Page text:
It’s hard to think of a time when Britain’s roads have been more barren. Data from car insurance experts, Admiral, found that average number of trips taken by motorists decreased by 54% in just the first week of lockdown.

With the recent relaxation of safety measures, drivers across the UK may be tempted to get behind the wheel. However, let’s be clear. Although driving to the supermarket and pharmacy are permitted, driving to the countryside for a short spring holiday is not. We all need to stay alert, control the virus and save lives.

So, herein lie the questions: how do you look after your car during the coronavirus? What happens if you leave a car unused for a long period of time? If you’re unsure about how to keep your car in tip-top shape throughout lockdown, our simple guide should help you. Be sure to read all the tips as they’re all vital to keeping your car in good working when you’re not hitting the roads all too often, if ever.

Keeping your brake discs in good working order

When left stationary for prolonged periods, your car’s brake discs will begin to corrode. This causes two problems: a sticking handbrake, and eventually a complete seizing of your cars brakes entirely.

If your hand brake has seized, you’ll need a mechanic to fix the handbrake cable. Depending on whether you visit a local garage or a dealership service centre, this can cost you anywhere from £70 to £150.

Fortunately, preventing brake discs from corroding is reasonably easy. All you need to do is start the engine and inch your car forwards and backwards every so often. If you’re parked on a flat driveway, you shouldn’t have to worry about engaging the handbrake, however if you’re parked on a slope, make sure that you have hold of the handbrake – you don’t want to roll down a hill or hit a car behind you.

How long can you leave a car without starting it?

how long can a car sit without being drivenCar engines are designed to be used frequently. They’re not designed to be used for a bi-weekly five-minute trip to the shops, let alone be stagnant on the owner’s driveway for months at a time.

If you don’t use your car regularly you can expect to several problems to mount. Battery fluid will drain which will cause its lifespan to be drastically reduced. Engine belts and wires will corrode, cylinder and valve walls will begin to fail, and most of the liquids, like engine oil and brake fluid will break down, losing their ability to lubricate essential components.

To stop your engine failing you’ll need to bring it to operating temperature. Oil, for instance, needs to have a consistent viscosity. The colder the oil, the thicker the oil becomes the more problems you’ll have. Thicker oils do not transfer heat as effectively as thinner oils which will affect your car’s reliability. This causes an accelerated chemical breakdown which can lead to harmful sludge deposits – something that you’ll have to visit a mechanic to fix.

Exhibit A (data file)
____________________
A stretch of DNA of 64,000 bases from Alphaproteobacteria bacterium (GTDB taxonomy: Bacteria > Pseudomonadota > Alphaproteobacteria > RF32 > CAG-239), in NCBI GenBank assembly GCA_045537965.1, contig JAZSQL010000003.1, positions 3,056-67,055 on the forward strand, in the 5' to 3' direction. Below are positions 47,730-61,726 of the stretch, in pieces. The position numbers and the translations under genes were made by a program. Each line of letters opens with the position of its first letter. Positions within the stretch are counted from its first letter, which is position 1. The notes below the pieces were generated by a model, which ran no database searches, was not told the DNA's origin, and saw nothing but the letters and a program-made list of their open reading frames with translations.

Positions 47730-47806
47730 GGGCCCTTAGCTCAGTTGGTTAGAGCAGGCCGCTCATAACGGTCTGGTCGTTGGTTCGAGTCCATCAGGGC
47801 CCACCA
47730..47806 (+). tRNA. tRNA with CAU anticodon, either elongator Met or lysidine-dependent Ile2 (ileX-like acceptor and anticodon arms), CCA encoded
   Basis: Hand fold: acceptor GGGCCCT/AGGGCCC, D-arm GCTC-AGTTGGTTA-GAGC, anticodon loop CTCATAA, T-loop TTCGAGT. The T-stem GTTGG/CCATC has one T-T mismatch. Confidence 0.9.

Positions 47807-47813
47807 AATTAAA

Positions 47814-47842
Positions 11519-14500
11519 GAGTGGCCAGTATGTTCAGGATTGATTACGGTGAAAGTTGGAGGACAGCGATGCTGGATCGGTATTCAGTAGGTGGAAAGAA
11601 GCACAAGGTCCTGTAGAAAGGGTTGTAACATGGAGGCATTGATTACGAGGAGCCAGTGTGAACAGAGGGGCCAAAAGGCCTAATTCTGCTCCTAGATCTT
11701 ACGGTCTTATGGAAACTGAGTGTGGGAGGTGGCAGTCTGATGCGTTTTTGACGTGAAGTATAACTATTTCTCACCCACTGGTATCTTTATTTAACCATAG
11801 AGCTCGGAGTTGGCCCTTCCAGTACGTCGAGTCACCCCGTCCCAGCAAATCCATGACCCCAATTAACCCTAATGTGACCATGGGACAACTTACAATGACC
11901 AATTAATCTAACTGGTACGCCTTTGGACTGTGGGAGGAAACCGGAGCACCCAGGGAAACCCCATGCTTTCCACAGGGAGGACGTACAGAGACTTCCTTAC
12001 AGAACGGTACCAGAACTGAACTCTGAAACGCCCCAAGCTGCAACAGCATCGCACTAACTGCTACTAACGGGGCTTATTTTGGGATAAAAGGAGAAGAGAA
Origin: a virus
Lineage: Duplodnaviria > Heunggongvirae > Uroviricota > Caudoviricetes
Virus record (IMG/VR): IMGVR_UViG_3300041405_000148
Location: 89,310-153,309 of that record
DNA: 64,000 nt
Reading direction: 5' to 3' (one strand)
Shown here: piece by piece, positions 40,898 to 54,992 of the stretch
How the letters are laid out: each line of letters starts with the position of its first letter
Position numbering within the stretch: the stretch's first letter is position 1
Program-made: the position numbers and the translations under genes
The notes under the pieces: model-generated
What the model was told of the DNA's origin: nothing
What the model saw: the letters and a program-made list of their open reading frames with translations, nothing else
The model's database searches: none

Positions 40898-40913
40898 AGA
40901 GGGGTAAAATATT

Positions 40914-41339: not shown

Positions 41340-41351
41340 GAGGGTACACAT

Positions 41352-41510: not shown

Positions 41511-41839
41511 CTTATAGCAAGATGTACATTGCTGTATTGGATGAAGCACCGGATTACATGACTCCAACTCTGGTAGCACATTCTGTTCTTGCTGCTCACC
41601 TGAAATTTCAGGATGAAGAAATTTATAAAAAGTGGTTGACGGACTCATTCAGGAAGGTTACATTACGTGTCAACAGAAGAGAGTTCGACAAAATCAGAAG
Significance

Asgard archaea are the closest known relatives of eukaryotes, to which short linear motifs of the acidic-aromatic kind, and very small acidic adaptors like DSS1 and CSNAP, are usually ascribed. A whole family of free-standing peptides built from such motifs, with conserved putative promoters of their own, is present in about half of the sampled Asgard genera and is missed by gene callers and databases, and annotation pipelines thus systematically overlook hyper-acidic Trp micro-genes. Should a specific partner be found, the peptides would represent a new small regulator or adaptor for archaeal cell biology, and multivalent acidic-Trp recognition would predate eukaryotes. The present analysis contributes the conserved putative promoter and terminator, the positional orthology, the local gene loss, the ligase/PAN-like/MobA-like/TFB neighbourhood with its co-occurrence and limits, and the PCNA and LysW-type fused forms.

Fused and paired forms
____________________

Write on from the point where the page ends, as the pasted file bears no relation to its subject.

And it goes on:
Rotate the essential journeys if you have more than one car

Some people think that by just starting their car, revving the engine a little and then leaving it running on the driveway for a few minutes is enough to keep it in reasonable shape whenever they’re not using it routinely.

Well, according to the RAC this could do more harm than good. Why? Just starting your car and leaving it running for five minutes every so often is a good way to drain the battery. The RAC recommend driving your vehicle for 15-20 minutes to keep the battery in tip-top shape.

If you live in a two-person household, try alternating essential journeys when you order your click and collect from the local supermarket, pick up any prescriptions or head out on an essential journey.  However, be mindful that repeated short journey’s will drain your battery, so following the government’s guidelines of shopping for necessities as infrequently as possible is good practice.

watch out for flat tyres on unused car

Keep an eye out for flat tyres

Most of us don’t remove the wheels and tyres of our cars when storing them cars on the driveway for a long time. This is a great way to preserve tyre integrity.

The weight of the car pushing down on the tyres causes them to bulge and develop flat spots. This is a common defect that afflicts cars that are left stationary for weeks or months at a time. The best way to keep your tyres in good shape when not using your car is to make sure that they’re fully inflated.

General guidelines state that tyres should be inflated to 50 psi to prevent flat spotting. So, keep your tyres inflated if you want to keep your car in tip-top shape during lockdown. If you don’t have a tyre inflator, don’t worry. You can buy one for around £20.00 – which is a whole lot cheaper than having to have your tyres replaced!

These are our four tips on how to look after your car during the coronavirus lockdown. If you’d like to learn more about how to care for your car in lockdown or have any further questions contact Duffy Motors today on 0161 834 4168. With more than thirty years’ experience, we can offer you sound car care advice, both in the short and long-term.



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